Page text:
He decries that the development of productive capacities in most LDCs has been too slow for them to overcome major development challenges and shocks such as Covid-19.
Covid-19 cases are definitely on the rise in Africa and ensuring availability and access to pharmaceuticals and PPEs is an urgent essential.
The production of pharmaceuticals on the continent is important given the need not only to tackle the pandemic but other local diseases since the continent is one of the fastest-growing in the world. There is no large external-bound investment in pharmaceutical companies in African countries meaning that the sector could benefit immensely if such investments come up to tap into the AfCFTA.
Through the AfCFTA, Africa has a great opportunity to boost intra-regional trade of pharmaceuticals and PPEs.
Currently, Africa manufactures less than 2 per cent medicines it consumes spending approximately US$14.5 billion on importing pharmaceuticals from outside the continent annually. With large scale investments in the sector, the AfCFTA can facilitate the creation of regional value chains in pharmaceuticals.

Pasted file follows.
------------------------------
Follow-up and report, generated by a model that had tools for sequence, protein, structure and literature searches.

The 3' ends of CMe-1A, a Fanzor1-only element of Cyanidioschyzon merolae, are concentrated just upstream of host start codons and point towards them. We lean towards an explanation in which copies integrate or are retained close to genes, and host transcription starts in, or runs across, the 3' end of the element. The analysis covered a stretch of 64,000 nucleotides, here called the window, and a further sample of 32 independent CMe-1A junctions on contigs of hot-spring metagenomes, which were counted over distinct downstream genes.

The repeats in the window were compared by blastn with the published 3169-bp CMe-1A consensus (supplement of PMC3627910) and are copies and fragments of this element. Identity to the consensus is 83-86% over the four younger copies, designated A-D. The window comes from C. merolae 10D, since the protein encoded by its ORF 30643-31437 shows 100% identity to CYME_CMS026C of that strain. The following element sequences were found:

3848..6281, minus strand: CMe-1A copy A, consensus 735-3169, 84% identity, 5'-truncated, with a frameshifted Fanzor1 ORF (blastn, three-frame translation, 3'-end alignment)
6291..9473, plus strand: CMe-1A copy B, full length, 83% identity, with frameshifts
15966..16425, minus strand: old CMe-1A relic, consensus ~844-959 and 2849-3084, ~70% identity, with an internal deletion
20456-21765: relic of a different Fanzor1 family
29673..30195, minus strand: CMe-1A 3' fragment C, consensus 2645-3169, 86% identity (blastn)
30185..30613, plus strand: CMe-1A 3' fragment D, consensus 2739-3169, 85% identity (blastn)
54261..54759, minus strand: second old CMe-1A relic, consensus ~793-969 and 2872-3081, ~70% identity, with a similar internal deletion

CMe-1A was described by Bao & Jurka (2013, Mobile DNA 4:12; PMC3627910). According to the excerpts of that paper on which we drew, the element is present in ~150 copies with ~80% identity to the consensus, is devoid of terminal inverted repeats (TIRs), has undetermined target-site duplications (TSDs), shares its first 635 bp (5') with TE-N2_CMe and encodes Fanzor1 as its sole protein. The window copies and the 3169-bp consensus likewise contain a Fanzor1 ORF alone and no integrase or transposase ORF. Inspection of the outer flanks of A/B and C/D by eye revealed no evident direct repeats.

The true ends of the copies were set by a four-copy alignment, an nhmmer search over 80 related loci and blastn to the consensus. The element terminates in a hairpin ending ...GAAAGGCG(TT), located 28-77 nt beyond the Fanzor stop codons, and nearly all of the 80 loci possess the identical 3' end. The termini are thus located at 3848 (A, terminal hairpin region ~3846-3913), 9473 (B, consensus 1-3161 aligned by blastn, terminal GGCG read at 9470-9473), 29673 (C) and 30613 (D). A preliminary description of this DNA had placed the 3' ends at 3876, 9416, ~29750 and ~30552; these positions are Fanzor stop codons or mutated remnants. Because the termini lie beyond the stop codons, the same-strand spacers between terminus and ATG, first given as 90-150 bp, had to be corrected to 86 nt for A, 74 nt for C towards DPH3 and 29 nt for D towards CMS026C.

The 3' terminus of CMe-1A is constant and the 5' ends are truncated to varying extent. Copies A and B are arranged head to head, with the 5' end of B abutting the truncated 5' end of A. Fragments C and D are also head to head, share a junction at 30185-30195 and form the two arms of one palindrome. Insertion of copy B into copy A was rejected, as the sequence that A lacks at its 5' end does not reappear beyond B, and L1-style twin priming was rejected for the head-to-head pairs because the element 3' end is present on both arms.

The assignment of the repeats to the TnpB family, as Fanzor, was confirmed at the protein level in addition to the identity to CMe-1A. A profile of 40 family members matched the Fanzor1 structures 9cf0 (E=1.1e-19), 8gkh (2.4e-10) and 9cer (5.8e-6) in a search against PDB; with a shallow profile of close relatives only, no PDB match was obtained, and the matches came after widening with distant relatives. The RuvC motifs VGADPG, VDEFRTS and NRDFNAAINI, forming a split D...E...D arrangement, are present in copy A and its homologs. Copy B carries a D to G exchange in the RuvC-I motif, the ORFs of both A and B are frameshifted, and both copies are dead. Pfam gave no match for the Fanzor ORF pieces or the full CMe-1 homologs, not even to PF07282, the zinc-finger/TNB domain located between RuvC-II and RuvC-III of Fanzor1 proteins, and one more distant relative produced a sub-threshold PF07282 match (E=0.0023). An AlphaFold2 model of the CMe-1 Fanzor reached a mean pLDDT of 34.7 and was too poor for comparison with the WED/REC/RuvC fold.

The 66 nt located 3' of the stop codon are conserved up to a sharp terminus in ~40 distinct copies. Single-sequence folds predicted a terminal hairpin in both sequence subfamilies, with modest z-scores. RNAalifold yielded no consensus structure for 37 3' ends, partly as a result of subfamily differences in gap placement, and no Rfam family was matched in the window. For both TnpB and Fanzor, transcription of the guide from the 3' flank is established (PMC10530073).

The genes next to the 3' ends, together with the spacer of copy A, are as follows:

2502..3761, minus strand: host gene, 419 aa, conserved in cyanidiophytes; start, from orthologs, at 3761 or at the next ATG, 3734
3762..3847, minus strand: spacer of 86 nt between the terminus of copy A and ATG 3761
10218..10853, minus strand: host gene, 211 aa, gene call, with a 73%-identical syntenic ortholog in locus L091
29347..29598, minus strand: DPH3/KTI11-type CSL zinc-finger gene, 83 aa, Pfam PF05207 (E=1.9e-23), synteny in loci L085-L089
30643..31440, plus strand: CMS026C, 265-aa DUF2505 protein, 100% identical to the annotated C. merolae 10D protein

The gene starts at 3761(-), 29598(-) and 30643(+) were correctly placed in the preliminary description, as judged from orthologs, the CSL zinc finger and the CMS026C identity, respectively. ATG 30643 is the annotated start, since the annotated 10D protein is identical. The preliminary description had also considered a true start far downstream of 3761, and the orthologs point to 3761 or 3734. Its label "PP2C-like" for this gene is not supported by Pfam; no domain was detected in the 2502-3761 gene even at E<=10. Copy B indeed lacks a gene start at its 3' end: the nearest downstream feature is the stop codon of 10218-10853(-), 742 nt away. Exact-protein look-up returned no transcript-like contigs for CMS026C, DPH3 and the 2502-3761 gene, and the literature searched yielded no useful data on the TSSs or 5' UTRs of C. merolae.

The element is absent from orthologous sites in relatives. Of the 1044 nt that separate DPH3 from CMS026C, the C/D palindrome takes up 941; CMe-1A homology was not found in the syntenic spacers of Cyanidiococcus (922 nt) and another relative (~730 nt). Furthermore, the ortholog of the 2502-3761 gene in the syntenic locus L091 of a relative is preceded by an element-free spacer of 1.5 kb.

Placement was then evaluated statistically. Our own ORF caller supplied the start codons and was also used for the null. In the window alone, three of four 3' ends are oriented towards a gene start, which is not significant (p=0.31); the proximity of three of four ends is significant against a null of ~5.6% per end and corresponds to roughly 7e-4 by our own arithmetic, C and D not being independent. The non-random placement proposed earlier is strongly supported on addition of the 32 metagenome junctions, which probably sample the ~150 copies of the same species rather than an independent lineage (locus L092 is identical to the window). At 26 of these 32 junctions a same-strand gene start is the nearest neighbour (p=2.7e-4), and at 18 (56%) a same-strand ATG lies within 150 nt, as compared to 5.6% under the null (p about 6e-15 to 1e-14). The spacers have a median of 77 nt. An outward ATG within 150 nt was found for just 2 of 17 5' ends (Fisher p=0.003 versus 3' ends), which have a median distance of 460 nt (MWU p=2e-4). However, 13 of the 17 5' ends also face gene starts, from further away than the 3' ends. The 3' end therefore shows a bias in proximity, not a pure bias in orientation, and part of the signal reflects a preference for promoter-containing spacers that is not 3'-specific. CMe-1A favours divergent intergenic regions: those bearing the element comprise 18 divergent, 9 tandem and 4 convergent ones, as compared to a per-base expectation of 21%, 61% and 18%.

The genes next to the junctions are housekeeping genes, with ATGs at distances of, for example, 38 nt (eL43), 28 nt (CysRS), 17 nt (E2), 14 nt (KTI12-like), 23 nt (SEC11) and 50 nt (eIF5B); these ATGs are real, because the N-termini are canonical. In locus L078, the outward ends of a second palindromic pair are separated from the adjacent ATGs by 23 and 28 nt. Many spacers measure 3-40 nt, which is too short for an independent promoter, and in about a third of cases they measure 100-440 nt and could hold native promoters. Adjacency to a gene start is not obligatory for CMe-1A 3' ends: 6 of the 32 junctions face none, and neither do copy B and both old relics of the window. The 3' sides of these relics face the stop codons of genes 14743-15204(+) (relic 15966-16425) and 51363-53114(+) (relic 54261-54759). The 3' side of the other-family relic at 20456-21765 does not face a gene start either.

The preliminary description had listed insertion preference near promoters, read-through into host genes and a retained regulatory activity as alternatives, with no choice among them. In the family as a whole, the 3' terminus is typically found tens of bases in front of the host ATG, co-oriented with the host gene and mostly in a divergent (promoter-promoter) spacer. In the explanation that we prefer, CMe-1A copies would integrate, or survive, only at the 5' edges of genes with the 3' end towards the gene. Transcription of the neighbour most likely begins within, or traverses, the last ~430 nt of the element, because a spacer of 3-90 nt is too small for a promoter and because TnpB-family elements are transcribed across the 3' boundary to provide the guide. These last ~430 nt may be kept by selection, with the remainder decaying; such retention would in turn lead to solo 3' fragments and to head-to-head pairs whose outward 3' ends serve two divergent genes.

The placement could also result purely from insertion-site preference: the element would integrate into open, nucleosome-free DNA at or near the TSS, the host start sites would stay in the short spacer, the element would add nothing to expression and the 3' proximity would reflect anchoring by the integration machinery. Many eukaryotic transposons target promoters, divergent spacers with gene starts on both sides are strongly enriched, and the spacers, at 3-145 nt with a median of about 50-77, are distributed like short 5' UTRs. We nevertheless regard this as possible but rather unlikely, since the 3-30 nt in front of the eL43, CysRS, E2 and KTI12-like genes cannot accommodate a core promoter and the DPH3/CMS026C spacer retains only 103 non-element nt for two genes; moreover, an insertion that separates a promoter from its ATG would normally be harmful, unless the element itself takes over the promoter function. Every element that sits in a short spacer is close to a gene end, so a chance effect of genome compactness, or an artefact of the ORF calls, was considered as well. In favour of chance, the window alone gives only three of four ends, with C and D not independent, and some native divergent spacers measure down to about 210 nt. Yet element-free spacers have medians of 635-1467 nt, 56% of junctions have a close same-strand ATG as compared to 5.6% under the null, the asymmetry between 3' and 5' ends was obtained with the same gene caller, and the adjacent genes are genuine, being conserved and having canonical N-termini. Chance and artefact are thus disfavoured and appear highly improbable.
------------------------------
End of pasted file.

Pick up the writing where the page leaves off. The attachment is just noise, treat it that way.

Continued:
In addition, the continent boasts of a rich heritage of flora and fauna which is rich in medicinal properties and this can be leveraged to create African pharmaceutical multinationals.
The beauty of the AfCFTA is that it offers a huge market thus pharmaceutical manufacturers could immensely benefit from economies of scale offered by the trade agreement.
This could enable countries to pool together and engage in the local production of medicines which could meet the demand on the continent.
The AfCFTA is an unmissable opportunity for the pharmaceuticals sector which in addition to the free movement of pharmaceuticals could also benefit Africans from the exchange of technical expertise to produce generic drugs.